Although gay, lesbian, and queer theory are related practices, the three terms delineate separate emphases marked by different assumptions about the relationship between gender and sexuality.
The Harlem Renaissance, an African-American literary movement of the 1920s and 1930s, included several important gay and lesbian writers.
Oscar Wilde is important both as an accomplished writer and as a symbolic figure who exemplified a way of being homosexual at a pivotal moment in the emergence of gay consciousness.
Langston Hughes, whose literary legacy is enormous and varied, was closeted, but homosexuality was an important influence on his literary imagination, and many of his poems may be read as gay texts.
Conflicted over his own sexuality, Tennessee Williams wrote directly about homosexuality only in his short stories, his poetry, and his late plays.
Erotic and pornographic works have been written in many cultures since ancient times and recently have flourished with the relaxation of censorship.
Feminist literary theory is a complex, dynamic area of study that draws from a wide range of critical theories.
James Baldwin, a pioneering figure in twentieth-century literature, wrote sustained and articulate challenges to American racism and mandatory heterosexuality.
Rev. Charles Worley preaching that gays and lesbians should be incarcerated in concentration camps.
Recent disgusting displays of naked Christian hatred directed toward gay people give lie to the frequent claim that Christians hate the sin of homosexuality, but love the sinners. They also give lie to the notion that the Westboro Baptist Church is the lunatic fringe of Christianity, utterly isolated and completely unrepresentative of the mainstream. These recent displays of ugliness reveal not only the hatefulness of some Christians, including their eager flirtation with genocide, but they also reveal that such expressions of hatred are not uncommon.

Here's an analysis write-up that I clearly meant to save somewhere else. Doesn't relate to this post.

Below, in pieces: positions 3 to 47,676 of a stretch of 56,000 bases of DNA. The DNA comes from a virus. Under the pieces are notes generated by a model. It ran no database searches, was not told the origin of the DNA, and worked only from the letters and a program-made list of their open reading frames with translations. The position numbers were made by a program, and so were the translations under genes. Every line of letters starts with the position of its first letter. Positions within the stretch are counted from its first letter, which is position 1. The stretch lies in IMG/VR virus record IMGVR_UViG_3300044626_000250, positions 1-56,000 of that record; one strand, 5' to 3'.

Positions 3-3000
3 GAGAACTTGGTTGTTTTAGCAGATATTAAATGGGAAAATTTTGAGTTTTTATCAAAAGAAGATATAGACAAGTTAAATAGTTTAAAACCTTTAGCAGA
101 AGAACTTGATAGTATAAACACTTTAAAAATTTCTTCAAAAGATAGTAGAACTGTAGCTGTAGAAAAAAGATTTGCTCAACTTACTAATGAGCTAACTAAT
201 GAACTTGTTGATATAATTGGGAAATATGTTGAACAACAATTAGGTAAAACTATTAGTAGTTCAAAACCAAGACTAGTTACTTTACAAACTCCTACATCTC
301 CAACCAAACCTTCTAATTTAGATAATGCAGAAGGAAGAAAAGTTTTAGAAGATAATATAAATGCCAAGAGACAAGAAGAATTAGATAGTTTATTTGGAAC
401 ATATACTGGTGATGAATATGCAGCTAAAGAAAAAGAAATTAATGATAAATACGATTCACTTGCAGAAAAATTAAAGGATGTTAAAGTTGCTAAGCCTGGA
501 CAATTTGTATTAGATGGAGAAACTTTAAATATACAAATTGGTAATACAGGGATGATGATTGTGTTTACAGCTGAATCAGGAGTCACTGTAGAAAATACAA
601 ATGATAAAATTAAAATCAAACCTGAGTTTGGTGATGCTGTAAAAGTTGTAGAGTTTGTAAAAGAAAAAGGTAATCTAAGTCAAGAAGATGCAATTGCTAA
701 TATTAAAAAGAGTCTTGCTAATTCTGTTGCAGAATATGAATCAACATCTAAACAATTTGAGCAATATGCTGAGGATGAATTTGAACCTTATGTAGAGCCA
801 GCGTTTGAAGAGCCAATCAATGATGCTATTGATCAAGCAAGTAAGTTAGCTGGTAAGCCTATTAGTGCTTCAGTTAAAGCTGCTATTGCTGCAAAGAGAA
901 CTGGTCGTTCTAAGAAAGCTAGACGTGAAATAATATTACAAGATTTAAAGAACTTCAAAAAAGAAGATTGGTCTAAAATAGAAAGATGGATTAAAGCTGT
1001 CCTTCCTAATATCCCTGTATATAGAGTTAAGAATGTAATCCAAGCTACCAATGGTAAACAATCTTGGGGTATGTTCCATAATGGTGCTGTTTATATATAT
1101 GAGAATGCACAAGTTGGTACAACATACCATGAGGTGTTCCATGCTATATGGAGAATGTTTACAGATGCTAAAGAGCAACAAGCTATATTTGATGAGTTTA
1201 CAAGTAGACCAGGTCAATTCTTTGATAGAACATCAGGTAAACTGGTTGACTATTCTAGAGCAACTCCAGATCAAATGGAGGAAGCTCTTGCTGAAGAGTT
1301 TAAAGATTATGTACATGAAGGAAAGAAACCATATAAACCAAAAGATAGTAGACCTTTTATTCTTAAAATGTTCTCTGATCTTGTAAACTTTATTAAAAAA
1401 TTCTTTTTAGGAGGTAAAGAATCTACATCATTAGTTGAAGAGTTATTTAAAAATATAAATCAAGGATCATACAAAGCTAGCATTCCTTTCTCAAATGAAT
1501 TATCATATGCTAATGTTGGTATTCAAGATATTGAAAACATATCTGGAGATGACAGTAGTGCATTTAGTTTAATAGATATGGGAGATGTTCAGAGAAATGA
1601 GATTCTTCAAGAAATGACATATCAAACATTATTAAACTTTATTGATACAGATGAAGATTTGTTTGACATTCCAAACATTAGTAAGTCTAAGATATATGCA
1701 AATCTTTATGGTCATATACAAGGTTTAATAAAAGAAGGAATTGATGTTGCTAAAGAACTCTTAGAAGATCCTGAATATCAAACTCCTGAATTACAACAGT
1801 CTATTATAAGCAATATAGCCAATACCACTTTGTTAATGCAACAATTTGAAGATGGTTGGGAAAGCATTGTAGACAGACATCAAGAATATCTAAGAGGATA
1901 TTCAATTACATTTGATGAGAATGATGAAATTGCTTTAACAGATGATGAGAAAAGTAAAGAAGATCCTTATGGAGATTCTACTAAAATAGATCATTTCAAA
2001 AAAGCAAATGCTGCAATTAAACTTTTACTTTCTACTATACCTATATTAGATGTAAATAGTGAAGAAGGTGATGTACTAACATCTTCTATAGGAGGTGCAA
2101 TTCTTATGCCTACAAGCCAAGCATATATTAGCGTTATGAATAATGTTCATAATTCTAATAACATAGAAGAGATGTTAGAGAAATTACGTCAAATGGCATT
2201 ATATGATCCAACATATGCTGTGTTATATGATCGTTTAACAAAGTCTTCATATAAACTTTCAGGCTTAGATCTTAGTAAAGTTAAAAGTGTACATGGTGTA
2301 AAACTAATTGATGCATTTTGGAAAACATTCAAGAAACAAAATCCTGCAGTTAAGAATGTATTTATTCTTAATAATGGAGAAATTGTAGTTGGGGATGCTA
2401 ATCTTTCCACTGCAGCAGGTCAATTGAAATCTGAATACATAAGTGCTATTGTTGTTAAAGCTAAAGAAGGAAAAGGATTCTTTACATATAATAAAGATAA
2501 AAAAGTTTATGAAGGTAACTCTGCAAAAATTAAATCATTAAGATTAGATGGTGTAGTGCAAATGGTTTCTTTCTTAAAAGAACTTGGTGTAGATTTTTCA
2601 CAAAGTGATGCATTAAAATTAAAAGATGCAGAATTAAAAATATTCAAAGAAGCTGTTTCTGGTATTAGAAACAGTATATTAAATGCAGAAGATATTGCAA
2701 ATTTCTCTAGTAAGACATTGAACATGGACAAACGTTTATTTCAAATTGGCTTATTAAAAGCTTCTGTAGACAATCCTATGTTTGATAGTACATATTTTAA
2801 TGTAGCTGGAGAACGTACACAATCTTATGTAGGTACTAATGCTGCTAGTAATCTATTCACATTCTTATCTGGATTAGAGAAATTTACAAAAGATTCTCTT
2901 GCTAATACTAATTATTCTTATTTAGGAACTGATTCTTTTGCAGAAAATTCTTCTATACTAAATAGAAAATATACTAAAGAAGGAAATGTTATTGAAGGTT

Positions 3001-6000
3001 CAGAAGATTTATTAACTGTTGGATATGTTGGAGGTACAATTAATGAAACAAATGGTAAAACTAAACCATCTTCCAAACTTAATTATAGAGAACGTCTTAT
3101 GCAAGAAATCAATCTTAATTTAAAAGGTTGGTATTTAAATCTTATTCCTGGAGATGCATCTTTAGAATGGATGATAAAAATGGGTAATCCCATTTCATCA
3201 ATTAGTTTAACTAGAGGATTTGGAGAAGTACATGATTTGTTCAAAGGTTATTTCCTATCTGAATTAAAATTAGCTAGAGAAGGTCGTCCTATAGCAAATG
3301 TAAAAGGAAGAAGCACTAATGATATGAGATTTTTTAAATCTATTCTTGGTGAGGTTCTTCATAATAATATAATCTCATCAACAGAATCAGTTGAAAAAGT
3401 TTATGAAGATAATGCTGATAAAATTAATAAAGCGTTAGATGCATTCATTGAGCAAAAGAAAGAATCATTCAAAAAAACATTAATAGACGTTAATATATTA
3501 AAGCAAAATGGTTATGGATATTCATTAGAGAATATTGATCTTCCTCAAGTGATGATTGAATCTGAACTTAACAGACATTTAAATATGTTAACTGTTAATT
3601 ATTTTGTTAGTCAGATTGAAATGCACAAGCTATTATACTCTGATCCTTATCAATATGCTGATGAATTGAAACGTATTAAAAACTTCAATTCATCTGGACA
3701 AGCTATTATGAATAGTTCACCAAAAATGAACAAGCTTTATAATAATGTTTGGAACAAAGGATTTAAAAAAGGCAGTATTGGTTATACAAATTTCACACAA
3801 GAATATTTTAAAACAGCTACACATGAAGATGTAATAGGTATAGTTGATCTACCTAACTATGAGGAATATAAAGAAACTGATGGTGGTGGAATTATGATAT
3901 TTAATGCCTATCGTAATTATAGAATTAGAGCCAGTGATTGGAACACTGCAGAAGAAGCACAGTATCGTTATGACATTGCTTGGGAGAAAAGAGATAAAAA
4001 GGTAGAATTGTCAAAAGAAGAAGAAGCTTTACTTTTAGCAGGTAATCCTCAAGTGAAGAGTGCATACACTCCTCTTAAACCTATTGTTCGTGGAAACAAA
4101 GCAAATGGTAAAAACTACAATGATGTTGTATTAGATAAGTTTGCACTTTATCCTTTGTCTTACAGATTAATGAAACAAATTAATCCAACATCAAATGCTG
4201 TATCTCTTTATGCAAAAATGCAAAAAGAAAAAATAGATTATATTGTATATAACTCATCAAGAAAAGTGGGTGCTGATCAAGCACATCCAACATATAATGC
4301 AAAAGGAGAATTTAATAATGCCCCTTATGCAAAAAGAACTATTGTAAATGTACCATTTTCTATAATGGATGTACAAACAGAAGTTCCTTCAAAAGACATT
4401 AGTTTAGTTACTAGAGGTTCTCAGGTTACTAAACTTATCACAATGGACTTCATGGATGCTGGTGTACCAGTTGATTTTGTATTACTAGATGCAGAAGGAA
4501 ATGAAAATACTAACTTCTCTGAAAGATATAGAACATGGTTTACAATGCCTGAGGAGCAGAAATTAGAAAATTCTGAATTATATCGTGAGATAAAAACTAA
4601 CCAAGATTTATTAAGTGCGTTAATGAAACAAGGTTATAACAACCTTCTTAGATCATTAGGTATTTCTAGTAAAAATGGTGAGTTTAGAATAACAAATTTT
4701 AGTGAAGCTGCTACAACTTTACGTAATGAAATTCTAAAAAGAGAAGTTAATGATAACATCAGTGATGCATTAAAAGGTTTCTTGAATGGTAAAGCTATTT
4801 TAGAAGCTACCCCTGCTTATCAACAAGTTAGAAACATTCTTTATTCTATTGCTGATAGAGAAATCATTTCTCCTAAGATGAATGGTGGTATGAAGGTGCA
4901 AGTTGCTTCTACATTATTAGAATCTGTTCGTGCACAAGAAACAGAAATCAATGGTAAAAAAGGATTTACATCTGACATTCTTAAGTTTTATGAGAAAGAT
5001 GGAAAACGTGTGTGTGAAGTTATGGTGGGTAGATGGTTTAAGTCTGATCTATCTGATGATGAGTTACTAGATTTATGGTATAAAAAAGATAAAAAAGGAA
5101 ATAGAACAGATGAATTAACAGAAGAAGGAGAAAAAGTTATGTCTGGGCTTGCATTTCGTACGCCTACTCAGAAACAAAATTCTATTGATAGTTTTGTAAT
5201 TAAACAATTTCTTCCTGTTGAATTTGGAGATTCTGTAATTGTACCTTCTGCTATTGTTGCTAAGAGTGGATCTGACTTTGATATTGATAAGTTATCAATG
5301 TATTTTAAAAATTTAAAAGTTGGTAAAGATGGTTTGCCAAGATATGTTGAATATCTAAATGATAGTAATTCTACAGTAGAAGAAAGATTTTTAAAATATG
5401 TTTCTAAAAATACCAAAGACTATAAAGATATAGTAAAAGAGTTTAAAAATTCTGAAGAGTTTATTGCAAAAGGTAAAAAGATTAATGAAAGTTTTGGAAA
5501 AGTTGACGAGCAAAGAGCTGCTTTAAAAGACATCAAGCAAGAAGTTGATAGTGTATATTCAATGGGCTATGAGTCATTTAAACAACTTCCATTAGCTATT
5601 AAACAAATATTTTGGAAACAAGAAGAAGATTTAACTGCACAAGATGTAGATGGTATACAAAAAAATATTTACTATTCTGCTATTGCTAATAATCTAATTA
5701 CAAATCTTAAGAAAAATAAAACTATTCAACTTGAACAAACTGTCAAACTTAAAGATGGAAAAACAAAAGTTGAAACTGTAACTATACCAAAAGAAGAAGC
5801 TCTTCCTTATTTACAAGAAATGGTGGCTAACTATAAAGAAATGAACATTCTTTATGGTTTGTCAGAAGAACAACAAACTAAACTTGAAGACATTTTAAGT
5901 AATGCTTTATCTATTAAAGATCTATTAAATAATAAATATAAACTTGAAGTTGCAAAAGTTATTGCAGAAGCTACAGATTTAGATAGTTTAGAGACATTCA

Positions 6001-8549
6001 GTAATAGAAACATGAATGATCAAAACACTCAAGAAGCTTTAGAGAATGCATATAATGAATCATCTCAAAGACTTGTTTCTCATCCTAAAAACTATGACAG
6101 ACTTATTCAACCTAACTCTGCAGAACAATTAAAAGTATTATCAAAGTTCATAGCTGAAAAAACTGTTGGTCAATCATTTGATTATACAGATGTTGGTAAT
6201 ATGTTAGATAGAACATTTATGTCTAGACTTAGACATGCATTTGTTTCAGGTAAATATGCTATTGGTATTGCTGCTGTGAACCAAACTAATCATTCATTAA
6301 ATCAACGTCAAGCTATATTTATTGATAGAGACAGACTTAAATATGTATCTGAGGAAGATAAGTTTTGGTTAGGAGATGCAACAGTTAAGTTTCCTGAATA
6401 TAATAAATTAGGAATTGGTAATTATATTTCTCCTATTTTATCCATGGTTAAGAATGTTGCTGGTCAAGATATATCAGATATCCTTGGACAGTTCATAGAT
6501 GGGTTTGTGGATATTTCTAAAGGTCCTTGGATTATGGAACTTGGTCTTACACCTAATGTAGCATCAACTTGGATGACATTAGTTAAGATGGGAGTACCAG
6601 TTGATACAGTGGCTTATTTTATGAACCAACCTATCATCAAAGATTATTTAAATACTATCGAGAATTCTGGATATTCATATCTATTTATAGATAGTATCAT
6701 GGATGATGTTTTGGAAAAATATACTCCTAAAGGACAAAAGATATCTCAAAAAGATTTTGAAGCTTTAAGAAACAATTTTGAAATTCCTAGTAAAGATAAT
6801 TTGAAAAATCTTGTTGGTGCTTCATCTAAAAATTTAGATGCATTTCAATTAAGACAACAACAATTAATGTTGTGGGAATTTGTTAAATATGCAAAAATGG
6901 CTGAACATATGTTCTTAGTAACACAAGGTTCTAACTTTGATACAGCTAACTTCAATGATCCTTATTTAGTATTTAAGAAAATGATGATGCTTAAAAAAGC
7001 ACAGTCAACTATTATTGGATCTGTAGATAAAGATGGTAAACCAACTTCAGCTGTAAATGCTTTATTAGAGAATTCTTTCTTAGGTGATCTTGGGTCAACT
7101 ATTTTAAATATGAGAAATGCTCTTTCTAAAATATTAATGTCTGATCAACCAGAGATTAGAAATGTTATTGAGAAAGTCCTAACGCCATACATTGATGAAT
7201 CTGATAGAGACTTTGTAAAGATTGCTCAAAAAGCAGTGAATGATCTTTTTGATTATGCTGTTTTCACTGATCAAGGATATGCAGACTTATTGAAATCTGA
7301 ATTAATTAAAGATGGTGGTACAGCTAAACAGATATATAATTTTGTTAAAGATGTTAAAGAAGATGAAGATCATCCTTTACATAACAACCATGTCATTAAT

Some of these displays of hatred emerged during the recent campaign for North Carolina's Amendment One, which wrote a ban on same-sex marriage, civil unions, and domestic partnerships into the state's constitution.
For example, Ron Baity, pastor of Winston-Salem's Berean Baptist Church ranted about homosexuality as "a perverted lifestyle" in a Sunday sermon and told his congregation that homosexuals should be prosecuted. "For 300 years, we had laws that would prosecute that lifestyle," he said. He did not specify the sentences he would impose on gay and lesbian criminals, but he no doubt had in mind the capital punishment prescribed in Leviticus on which many of the laws against homosexual acts were based.
In the course of a sermon in support of Amendment One, Sean Harris, senior pastor of Berean Baptist Church in Fayetteville, urged his congregation to beat their children if they exhibited gender-nonconforming behavior.
Harris told his congregation, "So your little son starts to act a little girlish when he is four years old and instead of squashing that like a cockroach and saying, 'Man up, son, get that dress off you and get outside and dig a ditch, because that is what boys do,' you get out the camera and you start taking pictures of Johnny acting like a female and then you upload it to YouTube and everybody laughs about it and the next thing you know, this dude, this kid is acting out childhood fantasies that should have been squashed."
"Dads," Harris continued, "the second you see your son dropping the limp wrist, you walk over there and crack that wrist. Man up. Give him a good punch."
When this stupid and dangerous man's words were released to the public, Harris claimed that he was joking.
However far-fetched the pretense that he was being humorous, at least that excuse evinces awareness of the inappropriateness of telling his congregation to beat up their gay children. That is more than can be said of another repulsive Baptist preacher, Pastor Charles Worley of Providence Road Baptist Church near Maiden, North Carolina.
On May 13, 2012, Worley told his congregation "I figured a way out, a way to get rid of all the lesbians and queers but I couldn't get it passed in the Congress--build a great big large fence, 50 or a hundred mile long. Put all the lesbians in there, fly over and drop some food. Do the same thing with the queers and the homosexuals. And have that fence electrified so they can't get out. And you know what? In a few years they will die out. You know why? They can't reproduce."
When there was an outrage against his plan for a concentration camp in which to imprison gay men and lesbians, he doubled down on his hatred. His intellectually challenged congregation gave him a standing ovation.